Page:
11th January 1913 (Saturday)

BORN TODAY – Lona Cohen (later, Helen Kroger), in Adams, Massachusetts, American  communist who spied for the Soviet Union, later taking a New Zealand identity and spying against Britain.

FIRST BALKAN WAR: The Manchester (UK) Guardian, reports a recent  address to the Imperial Institute:  “Some Lessons of the War in the Balkans” by Mr. Spenser Wilkinson, Chichele Professor of Military History at Oxford:

QUOTE:  In the present war, for the Balkan Allies to have taken Constantinople would have been to strike Turkey such a blow that her recovery would have been doubtful. The Powers would have had to consider the future of Turkey in Asia and perhaps its partition, which would have been unwelcome, and there would also probably have been a change in the attitude of Russia. These were probably among the reasons which led the Allies to prefer a truce to an attack upon Turkey’s last position which would have had little meaning unless it had been carried to the Bosphorus. Other difficulties of the Allies were the attitude of Austria and the desire of Roumania to exert her influence. Russian national sentiment was deeply attached to the prosperity of Bulgaria and Servia. An Austrian attack upon Servia and probably a Romanian attack upon Bulgaria would make it almost impossible for any Russian Government not to take action in defence of the Balkan States. In that case Germany would feel called upon to come to the assistance of Austria, and France could not refuse to co-operate with her Russian ally.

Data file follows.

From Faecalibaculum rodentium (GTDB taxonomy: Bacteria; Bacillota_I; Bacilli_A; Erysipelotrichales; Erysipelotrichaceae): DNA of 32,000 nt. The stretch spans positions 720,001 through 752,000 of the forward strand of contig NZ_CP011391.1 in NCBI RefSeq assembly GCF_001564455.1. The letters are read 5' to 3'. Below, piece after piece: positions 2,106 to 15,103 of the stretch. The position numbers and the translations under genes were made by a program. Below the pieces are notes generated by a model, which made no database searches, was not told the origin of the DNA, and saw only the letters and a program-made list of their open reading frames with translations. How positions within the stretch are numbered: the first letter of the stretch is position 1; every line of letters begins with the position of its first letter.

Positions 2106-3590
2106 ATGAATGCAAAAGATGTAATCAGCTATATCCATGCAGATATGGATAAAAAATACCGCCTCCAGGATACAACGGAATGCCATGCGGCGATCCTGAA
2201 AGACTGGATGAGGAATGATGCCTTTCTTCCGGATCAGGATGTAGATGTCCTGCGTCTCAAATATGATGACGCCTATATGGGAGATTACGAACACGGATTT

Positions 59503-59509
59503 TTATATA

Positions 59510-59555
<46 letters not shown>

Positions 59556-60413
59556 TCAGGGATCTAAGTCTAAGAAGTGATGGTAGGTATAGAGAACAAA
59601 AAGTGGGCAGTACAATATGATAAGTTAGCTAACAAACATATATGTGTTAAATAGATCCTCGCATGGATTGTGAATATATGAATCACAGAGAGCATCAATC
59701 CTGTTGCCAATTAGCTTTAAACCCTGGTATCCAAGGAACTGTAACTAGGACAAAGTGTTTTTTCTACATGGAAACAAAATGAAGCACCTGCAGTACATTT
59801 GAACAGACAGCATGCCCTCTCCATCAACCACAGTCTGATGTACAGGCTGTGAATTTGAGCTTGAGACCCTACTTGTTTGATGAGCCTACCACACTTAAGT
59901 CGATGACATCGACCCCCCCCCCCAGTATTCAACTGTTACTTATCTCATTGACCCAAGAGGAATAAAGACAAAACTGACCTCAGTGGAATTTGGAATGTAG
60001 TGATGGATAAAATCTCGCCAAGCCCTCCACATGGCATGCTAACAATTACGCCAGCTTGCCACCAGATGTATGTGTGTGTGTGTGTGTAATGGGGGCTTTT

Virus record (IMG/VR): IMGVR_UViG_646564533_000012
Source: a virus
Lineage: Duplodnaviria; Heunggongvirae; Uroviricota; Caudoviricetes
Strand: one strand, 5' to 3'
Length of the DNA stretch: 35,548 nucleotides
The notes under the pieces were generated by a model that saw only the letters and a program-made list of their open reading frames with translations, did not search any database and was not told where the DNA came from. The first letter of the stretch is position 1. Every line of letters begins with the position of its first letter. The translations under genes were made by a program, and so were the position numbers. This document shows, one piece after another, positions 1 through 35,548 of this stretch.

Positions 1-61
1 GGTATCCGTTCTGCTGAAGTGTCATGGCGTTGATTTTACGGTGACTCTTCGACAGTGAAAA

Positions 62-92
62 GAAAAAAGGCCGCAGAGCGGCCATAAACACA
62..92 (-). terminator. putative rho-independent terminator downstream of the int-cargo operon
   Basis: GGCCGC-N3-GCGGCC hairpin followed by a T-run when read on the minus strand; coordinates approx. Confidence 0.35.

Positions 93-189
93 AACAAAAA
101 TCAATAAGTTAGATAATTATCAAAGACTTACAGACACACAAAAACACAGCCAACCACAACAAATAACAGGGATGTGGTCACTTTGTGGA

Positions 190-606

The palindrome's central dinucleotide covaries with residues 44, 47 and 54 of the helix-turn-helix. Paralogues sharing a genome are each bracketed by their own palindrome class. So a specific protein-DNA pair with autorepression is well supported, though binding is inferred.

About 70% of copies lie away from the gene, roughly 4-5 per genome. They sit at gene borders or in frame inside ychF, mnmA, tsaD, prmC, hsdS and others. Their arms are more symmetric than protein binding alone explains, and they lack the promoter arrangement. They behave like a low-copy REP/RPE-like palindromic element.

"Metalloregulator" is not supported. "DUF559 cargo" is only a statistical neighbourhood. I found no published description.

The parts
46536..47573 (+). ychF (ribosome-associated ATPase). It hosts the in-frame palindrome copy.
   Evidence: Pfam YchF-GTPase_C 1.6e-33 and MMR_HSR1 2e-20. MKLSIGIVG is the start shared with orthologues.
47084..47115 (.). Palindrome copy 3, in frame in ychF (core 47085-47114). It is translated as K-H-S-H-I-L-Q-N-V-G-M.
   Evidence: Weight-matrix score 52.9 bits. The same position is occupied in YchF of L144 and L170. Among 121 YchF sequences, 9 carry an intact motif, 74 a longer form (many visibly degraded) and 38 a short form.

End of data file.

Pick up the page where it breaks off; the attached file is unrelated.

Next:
The problem of British statesmanship was whether in that eventuality, Great Britain could remain neutral consistently with her own self-respect and the position she had hitherto held as a European Power. For that reason it was desirable that all Englishmen should make up their minds while there was time as to their country’s duty in Europe and concerning the necessity of national organisation for war. UNQUOTE. [Manchester Guardian, 11 January 1913].

Transportation: The Paris public transport system moves from horse drawn to electric street-cars, and the last horse drawn car is withdrawn.

High Society: Archduchess Mechthildis of Austria marries Prince Olgierd Czartorysky of Poland. They will settle in Poland and emigrate to Brazil at the outbreak of World War 2.

Changing places: In Iran, Mirza Mohammad Ali Khan becomes the country’s 15th prime minister since the Iranian constitutional revolution in 1906.

Extreme weather: Nottingham in the UK is hit by a “Great Blizzard” that disrupts trade, transport and sporting events.

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